In the picture are four IU Affiliates who traveled to Ft. Meade in April for hearings in the 9-11 World Trade Center bombing case and the 2000 U.S.S. Cole bombing case. Also pictured are two IU Affiliates who traveled to Guantanamo Bay for hearings in both those cases in April.

Mr. Rick Kammen (center of photo with jeans and light top), who is a lawyer for defendant al Nashiri in the USS Cole Case, lectured on the history of U.S. Military Commissions, substantive and procedural law related to the Guantanamo Bay Military Commissions, litigation strategies, and the logistical difficulties associated with trying cases at a base on an island, away from the Mainland U.S.

Those pictured whose mission was to Ft. Meade are Jeffrey Kerner, Jeff Papa, and Hattie Harman.

Judge Pat Riley (Indiana Court of Appeals) is pictured behing Rick Kammen’s right shoulder.

Professor George Edwards (PIHRL Founding Director & MCOP Founding Director) appears at the far right of the photo.

Absent from the photo above are Jeff Meding (who was in Washington DC for his flight from Andrews Air Force Base to GTMO the next day) and Luke Bielawski, who went to Ft. Meade. Luke is in the photo below.

Briefing Book

Left to right: Luke Bielawski (Ft. Meade – USS Cole), Jeffrey Werner (Ft. Meade – 9-11), George Edwards (Ft. Meade – USS Cole; Guantanamo Bay – US v. David Hicks), Judge Patricia Riley (Guantanamo Bay – USS Cole), Jeff Papa (Ft. Meade – USS Cole) & Hattie Harman (Ft. Meade – 9-11). Absent is Jeff Meding (Guantanamo Bay – 9-11, who was en route to Andrews Air Force Base for his flight to GTMO)

Left to right: Luke Bielawski (Ft. Meade,  USS Cole), Jeffrey Werner (Ft. Meade, 9-11), George Edwards (Ft. Meade, USS Cole; Guantanamo Bay, US v David Hicks), Judge Patricia Riley (Guantanamo Bay, USS Cole), Jeff Papa (Ft. Meade, USS Cole) & Hattie Harman (Ft. Meade, 9-11). Absent is Jeff Meding (Guantanamo Bay, 9-11, who was en route to Andrews for his GTMO flight)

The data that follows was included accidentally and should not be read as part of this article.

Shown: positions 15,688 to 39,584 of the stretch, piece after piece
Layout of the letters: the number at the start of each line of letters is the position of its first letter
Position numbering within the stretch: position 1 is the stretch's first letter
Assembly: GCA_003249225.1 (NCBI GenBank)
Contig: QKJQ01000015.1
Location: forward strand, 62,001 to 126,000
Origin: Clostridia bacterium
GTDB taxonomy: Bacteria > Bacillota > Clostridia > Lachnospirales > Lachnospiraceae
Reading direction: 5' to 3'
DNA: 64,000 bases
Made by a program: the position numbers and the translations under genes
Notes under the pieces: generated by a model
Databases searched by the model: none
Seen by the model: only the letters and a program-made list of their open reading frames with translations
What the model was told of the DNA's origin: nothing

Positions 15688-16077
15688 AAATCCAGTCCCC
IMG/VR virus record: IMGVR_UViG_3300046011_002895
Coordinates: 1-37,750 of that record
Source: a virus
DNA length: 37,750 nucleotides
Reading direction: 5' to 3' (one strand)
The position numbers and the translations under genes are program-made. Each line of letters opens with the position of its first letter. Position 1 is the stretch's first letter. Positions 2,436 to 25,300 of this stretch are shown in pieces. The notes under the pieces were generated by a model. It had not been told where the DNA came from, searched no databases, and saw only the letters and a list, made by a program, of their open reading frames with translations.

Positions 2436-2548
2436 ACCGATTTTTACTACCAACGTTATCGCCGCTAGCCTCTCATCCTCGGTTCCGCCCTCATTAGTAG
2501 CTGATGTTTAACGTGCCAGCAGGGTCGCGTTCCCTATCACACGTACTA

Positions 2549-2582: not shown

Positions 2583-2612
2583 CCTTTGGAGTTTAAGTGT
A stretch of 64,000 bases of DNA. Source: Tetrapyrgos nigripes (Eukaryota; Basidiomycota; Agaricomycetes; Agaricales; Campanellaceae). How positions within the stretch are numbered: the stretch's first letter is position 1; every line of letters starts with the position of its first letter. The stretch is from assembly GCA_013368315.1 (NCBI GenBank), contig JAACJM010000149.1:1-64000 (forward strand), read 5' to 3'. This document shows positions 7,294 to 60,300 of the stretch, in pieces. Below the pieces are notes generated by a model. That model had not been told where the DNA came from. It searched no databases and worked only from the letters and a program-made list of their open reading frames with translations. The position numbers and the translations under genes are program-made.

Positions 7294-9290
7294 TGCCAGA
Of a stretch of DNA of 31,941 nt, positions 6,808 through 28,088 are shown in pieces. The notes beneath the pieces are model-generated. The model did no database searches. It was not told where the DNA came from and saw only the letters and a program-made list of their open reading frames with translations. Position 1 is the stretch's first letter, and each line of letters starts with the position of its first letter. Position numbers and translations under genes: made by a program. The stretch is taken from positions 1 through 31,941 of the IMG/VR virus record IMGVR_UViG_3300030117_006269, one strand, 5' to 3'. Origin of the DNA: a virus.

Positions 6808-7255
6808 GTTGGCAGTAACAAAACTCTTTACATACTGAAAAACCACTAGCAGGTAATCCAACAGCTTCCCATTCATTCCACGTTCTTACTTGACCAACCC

The  Pre-Departure Briefing Book of the MCOP was compiled by Mr. Jeff Meding, Ms. Qifan Wang, Ms. Kristin Brockett, and Professor George Edwards. For each cycle of hearings, a Supplementary Briefing Book will be prepared and distributed to all participants. A copy of our Briefing Book is now permanently housed in the NGO Observer Compound at Guantanamo Bay for subsequent McKinney Affiliates and others to use on their Missions to GTMO for hearings or trials.

Should USS Cole Jury Be Sequestered on Guantanamo Bay?

Sequestering the Jury on Guantanamo Bay?
The USS Cole trial, which is tentatively scheduled to begin in a military courtroom at Guantanamo Bay in October 2014, could last for 9 to 12 months. The military commission that will try the case will have a pool of 37 “members” (jurors) to choose from who will act like jurors in a typical criminal case.